Posted on

Symptoms of Insomnia

Symptoms of Insomnia

A sign that someone is experiencing the initial symptoms of insomnia occurs when a sufferer feels excessively fatigued, especially after a night of sleep when one should feel rested. Although requirements for sleep vary—the elderly generally sleep less—individuals should always awake refreshed and ready to face the day.
Symptoms of insomnia result from the inability to initiate the sleep process (sleep-onset insomnia) or from the inability to stay asleep (delayed sleep-phase syndrome). Symptoms are brought on by the sleep-depriving effects of insomnia—rooted in anxiety, stress or the disorder itself. Long-term symptoms of insomnia can be severe and affect one’s ability to function at his or her normal level.

Another symptom of insomnia is the impairment of one’s attention and working memory. These symptoms can lead to poor work performance and lapses in memory—especially during lectures and note taking. Recalling material needed to perform work tasks becomes a struggle, yet another symptom of insomnia. This is very troubling to college students, especially first-years who generally need to become accustomed to the added stress and pressures of university life.

To counteract the symptoms of insomnia, the stimulant caffeine may be consumed, further hindering sleep. Insomnia also impairs one’s ability to function and motor skills. These symptoms are especially dangerous to those whose work requires extensive driving. It’s been estimated by the American Academy of Sleep Medicine that one in every five serious motor accidents are the result of driver fatigue. Further estimates conclude that 80,000 people fall asleep behind the wheel everyday; estimates range on the number of accidents caused by driver fatigue, from 100,000 to 250,000 incidents per year in America. Researchers in New Zealand and Australia have likened driving sleep deprived to drunk driving. They estimate that people who drive after being awake for 17 to 19 hours drive worse than those with a blood alcohol level of .05. Those who’ve been awake for 21 hours drive as poor as someone with a blood alcohol level of .08—the legal limit in the United States.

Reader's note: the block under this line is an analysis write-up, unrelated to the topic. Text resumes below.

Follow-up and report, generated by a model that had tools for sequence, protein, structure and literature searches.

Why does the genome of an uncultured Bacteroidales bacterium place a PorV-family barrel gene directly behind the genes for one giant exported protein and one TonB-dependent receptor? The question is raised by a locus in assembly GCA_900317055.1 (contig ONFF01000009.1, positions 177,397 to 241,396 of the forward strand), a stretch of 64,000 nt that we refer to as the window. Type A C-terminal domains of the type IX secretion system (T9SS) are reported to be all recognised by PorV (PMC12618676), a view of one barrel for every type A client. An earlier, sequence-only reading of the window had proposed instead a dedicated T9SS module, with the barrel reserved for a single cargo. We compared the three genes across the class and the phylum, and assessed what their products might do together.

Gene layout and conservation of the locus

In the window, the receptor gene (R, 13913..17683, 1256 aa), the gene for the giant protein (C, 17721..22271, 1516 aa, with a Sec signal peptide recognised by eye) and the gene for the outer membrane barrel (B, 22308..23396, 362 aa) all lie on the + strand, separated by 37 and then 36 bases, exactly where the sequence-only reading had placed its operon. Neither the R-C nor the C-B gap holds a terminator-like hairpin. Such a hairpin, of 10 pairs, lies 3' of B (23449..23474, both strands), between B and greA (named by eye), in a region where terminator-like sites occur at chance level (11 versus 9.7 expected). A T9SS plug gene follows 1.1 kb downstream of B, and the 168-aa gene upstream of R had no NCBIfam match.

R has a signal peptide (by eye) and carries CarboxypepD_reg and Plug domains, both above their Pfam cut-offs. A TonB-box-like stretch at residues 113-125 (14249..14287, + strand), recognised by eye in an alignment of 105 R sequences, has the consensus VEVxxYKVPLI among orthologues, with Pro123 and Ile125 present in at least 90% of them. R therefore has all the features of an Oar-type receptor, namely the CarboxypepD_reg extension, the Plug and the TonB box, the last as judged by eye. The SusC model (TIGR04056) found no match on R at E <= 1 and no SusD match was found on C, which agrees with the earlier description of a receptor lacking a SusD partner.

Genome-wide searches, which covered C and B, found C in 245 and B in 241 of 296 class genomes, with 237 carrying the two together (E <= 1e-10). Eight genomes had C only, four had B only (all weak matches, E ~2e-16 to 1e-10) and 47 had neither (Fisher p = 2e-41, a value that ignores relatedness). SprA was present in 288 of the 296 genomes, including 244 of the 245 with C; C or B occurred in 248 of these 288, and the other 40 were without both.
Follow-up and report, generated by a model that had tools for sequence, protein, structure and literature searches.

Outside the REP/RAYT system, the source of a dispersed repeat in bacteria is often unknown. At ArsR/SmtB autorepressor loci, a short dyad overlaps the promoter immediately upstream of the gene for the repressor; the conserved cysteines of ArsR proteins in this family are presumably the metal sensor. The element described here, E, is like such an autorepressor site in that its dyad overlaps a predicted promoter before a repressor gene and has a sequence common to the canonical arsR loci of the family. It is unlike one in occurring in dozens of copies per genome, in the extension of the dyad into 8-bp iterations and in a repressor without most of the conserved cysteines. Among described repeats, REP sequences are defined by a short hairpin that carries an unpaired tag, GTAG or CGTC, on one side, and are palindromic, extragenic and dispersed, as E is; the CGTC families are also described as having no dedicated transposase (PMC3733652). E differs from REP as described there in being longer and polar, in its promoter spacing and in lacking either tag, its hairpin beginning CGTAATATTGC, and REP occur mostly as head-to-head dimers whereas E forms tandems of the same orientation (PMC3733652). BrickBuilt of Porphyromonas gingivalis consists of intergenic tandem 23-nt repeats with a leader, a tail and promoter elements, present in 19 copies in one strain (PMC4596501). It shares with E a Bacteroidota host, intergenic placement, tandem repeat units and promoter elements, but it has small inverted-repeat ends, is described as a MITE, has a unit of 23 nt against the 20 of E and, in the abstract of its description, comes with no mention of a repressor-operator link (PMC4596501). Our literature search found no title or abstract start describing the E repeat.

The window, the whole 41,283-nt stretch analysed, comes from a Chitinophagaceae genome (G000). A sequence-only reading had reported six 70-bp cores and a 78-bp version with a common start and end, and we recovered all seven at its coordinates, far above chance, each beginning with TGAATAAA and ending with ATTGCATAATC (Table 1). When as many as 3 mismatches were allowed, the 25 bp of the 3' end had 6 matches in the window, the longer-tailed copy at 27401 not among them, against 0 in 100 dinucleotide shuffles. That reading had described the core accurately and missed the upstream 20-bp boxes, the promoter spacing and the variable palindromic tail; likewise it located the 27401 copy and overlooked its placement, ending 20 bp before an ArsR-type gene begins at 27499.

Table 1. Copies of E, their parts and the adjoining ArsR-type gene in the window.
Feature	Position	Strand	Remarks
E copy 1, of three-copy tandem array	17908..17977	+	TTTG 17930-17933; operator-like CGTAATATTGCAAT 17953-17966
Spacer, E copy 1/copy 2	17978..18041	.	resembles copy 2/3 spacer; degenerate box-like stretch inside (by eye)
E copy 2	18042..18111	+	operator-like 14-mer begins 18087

Weight fluctuations are another symptom of insomnia. Being deprived of sleep causes hormonal imbalance. Studies have shown that hormones involved in glucose metabolism and appetite are being disrupted. Overweight individuals are more likely to display the symptoms of insomnia through sleep apnea. This is attributable to the added discomfort obesity places on individuals trying to sleep, as well as the inability to breathe easily—a defining characteristic of sleep apnea.

Naturopathic Tip: To help yourself get a better night’s sleep, try cutting out caffeine-containing food and beverages after 2 pm, incorporating stress-reducing activities into your daily routine and limiting alcohol consumption as these factors can all contribute to disrupted sleep.